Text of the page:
Pradaxa (dabigatran) and Coumadin (warfarin) came out even in this randomized study. The Brazilian researchers who conducted the study said one explanation for the result is that use of Coumadin was exceptionally well managed because the patients were enrolled a study.
It has been hypothesized that patients with atrial fibrillation (AF) receiving direct oral anticoagulants (DOACs) would have less cognitive decline than those on vitamin K antagonists, such as Coumadin (warfarin). Findings reported recently in BMC Medicine otherwise.
The findings were from the GIRAF study conducted in São Paulo, Brazil. Two hundred patientes were randomized to take either Pradaxa (dabigatran), which targets thrombin, Coumadin. Use of Coumadin requires careful timing and monitoring, and patients may be at higher risk for microbleeds in the brain and other conditions that promote cognitive decline. But no overall cognition advantage was observed for patients with atrial fibrillation or atrial flutter in Pradaxa compared with those in the Coumadin group, investigators concluded.
“The results of the analysis of the mean change from baseline in the [mental test scores] did not support our hypothesis that [Pradaxa] would attenuate cognitive decline compared to [Coumadin], as no evidence of a beneficial effect of [Pradaxa] was found between the groups," wrote lead author Bruno Caramelli, of the cardiology unit at University ofSão Paulo.
This was the first randomized prospective study to compare a vitamin K antagonist with a DOAC for the goal of collecting evidence about a difference in cognitive abilities. The study volunteers were older — ages 70 and older. The investigators employed a battery of mental tests to establish baseline cognitive function. These tests were repeated at 24 months and outcomes were analyzed for changes in executive function, attention, language and memory.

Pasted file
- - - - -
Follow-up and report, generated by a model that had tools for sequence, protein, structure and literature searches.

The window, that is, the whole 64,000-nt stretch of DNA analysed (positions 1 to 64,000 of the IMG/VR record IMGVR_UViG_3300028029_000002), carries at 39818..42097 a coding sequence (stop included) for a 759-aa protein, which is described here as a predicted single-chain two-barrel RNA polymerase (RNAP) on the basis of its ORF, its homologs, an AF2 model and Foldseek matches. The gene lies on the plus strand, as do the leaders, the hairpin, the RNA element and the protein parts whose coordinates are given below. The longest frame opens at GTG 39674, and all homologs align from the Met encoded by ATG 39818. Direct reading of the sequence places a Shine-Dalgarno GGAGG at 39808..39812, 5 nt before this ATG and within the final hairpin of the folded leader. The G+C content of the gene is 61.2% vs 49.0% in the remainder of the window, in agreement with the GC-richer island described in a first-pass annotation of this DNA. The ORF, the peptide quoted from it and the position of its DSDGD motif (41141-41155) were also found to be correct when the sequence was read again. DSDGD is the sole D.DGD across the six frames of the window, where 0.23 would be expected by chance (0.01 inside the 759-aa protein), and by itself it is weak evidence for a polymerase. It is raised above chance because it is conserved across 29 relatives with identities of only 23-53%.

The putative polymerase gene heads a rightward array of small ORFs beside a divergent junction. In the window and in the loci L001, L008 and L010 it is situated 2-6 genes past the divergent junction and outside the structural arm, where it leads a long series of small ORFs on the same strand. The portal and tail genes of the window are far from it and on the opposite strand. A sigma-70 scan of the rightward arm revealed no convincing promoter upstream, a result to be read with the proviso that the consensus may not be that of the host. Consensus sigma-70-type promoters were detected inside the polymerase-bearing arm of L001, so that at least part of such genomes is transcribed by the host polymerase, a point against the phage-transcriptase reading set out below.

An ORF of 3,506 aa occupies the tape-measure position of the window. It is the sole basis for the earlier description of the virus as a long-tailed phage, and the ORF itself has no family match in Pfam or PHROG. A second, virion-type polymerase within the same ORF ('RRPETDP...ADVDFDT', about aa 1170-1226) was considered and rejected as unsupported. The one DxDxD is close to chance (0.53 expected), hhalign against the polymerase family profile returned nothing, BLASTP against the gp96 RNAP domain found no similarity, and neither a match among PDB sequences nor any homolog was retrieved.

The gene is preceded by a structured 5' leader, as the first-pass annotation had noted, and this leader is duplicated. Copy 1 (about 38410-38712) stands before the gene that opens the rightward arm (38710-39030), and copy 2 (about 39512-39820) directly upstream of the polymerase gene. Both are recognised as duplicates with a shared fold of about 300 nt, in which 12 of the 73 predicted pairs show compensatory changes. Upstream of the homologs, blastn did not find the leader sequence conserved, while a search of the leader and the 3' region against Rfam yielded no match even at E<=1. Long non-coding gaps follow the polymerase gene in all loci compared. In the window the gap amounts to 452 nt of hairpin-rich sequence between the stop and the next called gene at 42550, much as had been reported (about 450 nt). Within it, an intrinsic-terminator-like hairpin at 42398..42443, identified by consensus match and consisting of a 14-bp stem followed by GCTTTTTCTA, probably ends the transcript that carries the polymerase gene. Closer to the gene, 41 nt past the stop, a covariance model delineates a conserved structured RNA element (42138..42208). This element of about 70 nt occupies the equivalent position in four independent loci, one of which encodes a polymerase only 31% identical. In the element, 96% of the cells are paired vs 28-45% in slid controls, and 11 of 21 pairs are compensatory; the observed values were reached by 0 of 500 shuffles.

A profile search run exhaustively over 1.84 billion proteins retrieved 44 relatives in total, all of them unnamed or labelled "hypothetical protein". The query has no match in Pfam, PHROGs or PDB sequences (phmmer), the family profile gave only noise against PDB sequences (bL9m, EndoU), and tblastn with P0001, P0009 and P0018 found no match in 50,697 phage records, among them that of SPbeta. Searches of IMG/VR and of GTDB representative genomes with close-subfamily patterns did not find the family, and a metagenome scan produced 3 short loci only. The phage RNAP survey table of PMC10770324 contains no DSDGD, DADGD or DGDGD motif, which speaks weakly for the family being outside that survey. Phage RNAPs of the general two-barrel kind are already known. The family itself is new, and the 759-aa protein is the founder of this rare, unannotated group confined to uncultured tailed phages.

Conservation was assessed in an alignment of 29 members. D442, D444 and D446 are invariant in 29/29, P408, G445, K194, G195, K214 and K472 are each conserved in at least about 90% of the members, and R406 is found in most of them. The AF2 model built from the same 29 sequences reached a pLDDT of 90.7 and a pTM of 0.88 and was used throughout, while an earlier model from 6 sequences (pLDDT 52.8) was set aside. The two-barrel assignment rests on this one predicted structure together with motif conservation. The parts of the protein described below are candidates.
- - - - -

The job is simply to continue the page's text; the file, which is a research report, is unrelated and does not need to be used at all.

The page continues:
“Cognitive evaluations lasted approximately 90 minutes and were performed by two neurologists, blinded to group assignments,” Caramelli wrote. Patients with previous stroke or dementia were excluded from the trial. Patients who received Coumadin had better cognitive outcomes based on one of the tests, the Montreal Cognitive Assessmeny. and the difference met the statistical standard for being significant and not by chance.
“This was not confirmed in the more exhaustive and comprehensive cognitive tests (neuropsychological test battery and computer-generated tests), nor in the exploratory outcomes of cognitive domains (memory, executive function, language, and attention),” wrote Caramelli and his co-investigators, advising caution in interpreting this one result.
Pradaxa has more stable and predictable pharmacokinetics than Coumadi.n The lack of difference in cognition between the two drugs may have to do with the high level of clinical control exercised during the trial, Caramelli wrote.
“The lack of benefit from Pradaxa in our trial might be related to a very well-managed [Coumadin] administration.” The international normalized ratio (INR), or time it takes for blood to clot, must be monitored closely to find the appropriate treatment window, and in the case of trial participants, the time in treatment range (TTR) was roughly 70%, which higher than in previous pivotal studies, he wrote.
“Indeed, observational studies suggest an association of [Coumadin] therapy quality and cognition: Both poor control and supratherapeutic INRs are associated with an increased risk of dementia. The very adequate anticoagulation regimen with [Coumadin] in the GIRAF trial could have an effect, protecting patients against greater cognitive decline,” Caramelli wrote.
The authors noted potential limitations of their study, including that two-year window of observation was too short to spot changes in mental function. Also, many patients with low educational attainment, a known risk factor for early dementia, were included in this study.